A few weeks back, the co-author of Managing Alone Jennifer Black reached out to yours truly and offered me a copy of her book to check out. To be honest, I wasn’t entirely sure what to make of the book after reading the Introduction. Death, it’s such a negative word. When I think about death it conjures up feelings of loss, grief, pain and confusion. I’d rather not think about that right now. Besides, when I started reading Jennifer’s book, the sun was shining and it was a great day outside. I had much better things to do (and enjoy) rather than read a book about widowhood.
Then I got to thinking…what if I lost my spouse? How on earth would I cope? I couldn’t imagine life without her and I can’t fathom the devastating emotional avalanche that would come over me. What would I do and how would I move on? My answers to these questions all pointed to one thing: I would need help; tons of it. And so, I decided to turn some pages and read a bit…
Managing Alone is a collection of stories designed to help individuals get on with their lives by offering ideas and financial advice when they need it the most – after the loss of their partner. Each chapter tells a story, sometimes a very emotional one, when a spouse passes away based on actual events Jennifer and her colleague and co-author, Janet Baccarani have encountered. Here are some of the stories you’ll read about:
- Disaster hit twenty-something Kayla soon after she married Jacob. No wills and no joint bank accounts were just the start of Kayla’s worries.
- Tragedy struck twice for Sara in her 40s after her husband Mateo, first collapsed at a vacation cabin out-of-country. The medical fees to get Mateo back to Canada amounted to $65,000, because they didn’t take out-of-country medical insurance before their trip. Sadly, within a year after the first heart attack, Sara and her two teenage kids found themselves without a husband and a father.
- Barbara had just retired from full-time teaching when she learned she had melanoma after surviving breast cancer. The cancer quickly spread and within months Paul, in his early 50s, was alone.
In each story, Managing Alone offers some advice on how to get through the tragic circumstances of losing your partner, emotionally and financially. Jennifer and Janet provide guidance on:
- Locating your deceased spouse’s assets,
- Understanding Canadian government benefits when your spouse passes away,
- Setting up trusts to protect your estate,
- Developing a financial plan,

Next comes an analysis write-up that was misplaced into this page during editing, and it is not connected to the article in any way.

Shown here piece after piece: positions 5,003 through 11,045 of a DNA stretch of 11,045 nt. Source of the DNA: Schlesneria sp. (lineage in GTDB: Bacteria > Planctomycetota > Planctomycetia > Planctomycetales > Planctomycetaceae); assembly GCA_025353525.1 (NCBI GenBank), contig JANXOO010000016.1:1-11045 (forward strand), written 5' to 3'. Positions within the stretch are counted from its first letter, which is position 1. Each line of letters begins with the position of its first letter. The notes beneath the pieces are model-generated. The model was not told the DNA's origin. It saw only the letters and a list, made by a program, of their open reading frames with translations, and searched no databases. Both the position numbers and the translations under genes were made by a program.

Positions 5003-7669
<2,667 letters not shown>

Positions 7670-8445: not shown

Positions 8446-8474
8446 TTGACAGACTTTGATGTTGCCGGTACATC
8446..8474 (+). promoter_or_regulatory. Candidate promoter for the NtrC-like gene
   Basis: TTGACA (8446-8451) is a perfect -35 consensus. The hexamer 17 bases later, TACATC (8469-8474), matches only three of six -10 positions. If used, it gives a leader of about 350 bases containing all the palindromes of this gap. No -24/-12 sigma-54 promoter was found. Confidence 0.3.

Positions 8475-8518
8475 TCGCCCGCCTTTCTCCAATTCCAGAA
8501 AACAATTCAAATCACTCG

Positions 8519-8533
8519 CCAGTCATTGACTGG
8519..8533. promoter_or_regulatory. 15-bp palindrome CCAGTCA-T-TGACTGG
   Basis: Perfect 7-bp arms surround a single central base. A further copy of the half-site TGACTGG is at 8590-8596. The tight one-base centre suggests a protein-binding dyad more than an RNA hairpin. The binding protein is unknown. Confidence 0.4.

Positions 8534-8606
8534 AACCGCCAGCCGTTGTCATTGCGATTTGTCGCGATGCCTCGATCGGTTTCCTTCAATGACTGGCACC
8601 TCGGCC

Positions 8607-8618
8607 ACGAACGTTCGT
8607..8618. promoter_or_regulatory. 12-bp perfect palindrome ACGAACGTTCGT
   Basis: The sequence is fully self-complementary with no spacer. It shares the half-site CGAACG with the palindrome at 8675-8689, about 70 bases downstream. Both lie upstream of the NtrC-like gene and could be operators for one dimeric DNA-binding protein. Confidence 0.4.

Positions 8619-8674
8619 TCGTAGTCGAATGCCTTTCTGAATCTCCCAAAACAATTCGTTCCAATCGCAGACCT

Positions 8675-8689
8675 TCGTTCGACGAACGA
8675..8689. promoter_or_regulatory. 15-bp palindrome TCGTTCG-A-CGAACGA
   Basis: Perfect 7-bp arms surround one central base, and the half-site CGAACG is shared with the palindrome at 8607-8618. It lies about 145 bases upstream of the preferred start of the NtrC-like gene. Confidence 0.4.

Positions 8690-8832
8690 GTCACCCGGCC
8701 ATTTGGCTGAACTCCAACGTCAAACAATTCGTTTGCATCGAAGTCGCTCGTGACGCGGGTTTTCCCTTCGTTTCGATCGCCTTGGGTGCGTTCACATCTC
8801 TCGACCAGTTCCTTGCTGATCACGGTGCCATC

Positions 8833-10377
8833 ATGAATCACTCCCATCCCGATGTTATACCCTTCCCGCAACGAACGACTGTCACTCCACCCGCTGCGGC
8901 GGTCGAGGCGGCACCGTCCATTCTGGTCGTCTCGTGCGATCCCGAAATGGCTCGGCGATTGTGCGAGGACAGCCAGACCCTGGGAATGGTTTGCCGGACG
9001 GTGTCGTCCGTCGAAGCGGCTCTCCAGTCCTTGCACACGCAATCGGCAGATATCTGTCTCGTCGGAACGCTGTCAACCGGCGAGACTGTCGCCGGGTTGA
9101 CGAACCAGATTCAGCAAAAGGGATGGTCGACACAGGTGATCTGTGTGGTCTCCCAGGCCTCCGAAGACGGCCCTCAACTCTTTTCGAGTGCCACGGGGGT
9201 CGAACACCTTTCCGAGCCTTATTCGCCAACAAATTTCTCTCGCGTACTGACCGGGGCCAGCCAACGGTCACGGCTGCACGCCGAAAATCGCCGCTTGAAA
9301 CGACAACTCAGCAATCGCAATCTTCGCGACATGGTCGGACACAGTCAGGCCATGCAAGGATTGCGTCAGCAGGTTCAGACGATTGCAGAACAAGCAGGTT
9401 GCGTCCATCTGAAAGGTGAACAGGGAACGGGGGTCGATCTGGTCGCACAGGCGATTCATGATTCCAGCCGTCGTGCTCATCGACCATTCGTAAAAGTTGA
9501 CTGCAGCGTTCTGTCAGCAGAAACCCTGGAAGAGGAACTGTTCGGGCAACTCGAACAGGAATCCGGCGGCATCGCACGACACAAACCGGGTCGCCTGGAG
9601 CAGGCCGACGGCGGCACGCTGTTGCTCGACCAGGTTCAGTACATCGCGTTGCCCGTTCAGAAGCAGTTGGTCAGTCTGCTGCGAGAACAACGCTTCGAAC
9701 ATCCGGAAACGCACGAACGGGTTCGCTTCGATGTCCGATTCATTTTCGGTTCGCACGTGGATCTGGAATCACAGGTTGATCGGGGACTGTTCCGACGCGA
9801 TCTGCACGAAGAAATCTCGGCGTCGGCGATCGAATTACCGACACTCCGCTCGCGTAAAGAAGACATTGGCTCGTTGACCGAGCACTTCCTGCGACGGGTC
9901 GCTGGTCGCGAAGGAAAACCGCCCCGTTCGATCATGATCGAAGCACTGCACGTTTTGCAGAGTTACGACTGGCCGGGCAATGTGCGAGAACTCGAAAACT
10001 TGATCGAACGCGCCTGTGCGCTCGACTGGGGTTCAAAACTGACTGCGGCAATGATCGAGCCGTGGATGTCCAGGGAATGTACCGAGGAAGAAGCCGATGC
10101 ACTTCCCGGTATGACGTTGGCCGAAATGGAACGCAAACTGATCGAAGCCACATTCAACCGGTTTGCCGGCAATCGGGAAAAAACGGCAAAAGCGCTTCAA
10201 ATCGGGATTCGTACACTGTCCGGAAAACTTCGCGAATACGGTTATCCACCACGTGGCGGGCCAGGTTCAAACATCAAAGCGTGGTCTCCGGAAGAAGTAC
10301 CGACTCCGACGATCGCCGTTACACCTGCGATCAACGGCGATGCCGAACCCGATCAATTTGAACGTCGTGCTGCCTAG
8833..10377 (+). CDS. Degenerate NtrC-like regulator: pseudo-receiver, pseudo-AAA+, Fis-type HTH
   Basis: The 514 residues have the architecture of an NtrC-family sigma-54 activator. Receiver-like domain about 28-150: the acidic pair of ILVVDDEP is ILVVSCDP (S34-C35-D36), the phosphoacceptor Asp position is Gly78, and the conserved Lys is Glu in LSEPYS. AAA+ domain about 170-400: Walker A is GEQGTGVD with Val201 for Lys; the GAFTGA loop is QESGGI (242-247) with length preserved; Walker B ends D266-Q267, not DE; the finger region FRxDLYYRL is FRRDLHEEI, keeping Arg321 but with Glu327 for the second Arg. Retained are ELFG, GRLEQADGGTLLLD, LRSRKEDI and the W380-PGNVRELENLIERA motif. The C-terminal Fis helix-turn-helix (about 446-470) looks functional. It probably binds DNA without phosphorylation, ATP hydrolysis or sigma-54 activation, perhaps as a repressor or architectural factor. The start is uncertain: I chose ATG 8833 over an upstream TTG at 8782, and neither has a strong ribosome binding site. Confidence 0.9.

- Dealing with final expenses,
- Managing your financial and legal affairs if your spouse did not leave a will,
- and more…
Death is never an easy subject to deal with and losing a spouse would be utterly devastating for many individuals. With Managing Alone, at least people can find some advice to help ease the financial stress that comes with losing a cherished partner.
I’m giving away a FREE copy of this valuable resource on my site. Follow the instructions below in my Managing Alone giveaway and one lucky name will be drawn at random. Good luck to you! Thanks for reading and sharing this article.
I’d love to read this book and pass it on to my spouse and children. They always avoid the subject – not wanting to contemplate unpleasant scenarios..
Yes, difficult topic to want to even consider, before a certain age.
But what a great sounding book. I handle all the financial affairs in our marriage, but I know that many women don’t have a clue about things. Years back I tried to educate a good friend, to at least learn what life insurance her husband had, what his pension was, etc. But she just didn’t want to know about those things.
I have personally known of spouses who died in their 20s from cancer, some who have died outside the country, those who were presumably drowned and body never recovered outside the country……bad things happen.
For sure Barb, some very bad things happen unfortunately. I think people are very afraid to talk about these things; death is a reality for all of us whether we like it or not.
If anything, this book sounds like a wakeup call. So many people think of themselves as invincible so they don’t get anything set up for their families just in case. It’s really sad.
Excellent point Daisy. We all need a wakeup call on these issues now and then.
Difficult subject but it makes sense to plan for or at least discuss many different scenarios in your financial plan. This post works well with your last one on life insurance.
Thanks Ben. A very difficult subject for sure.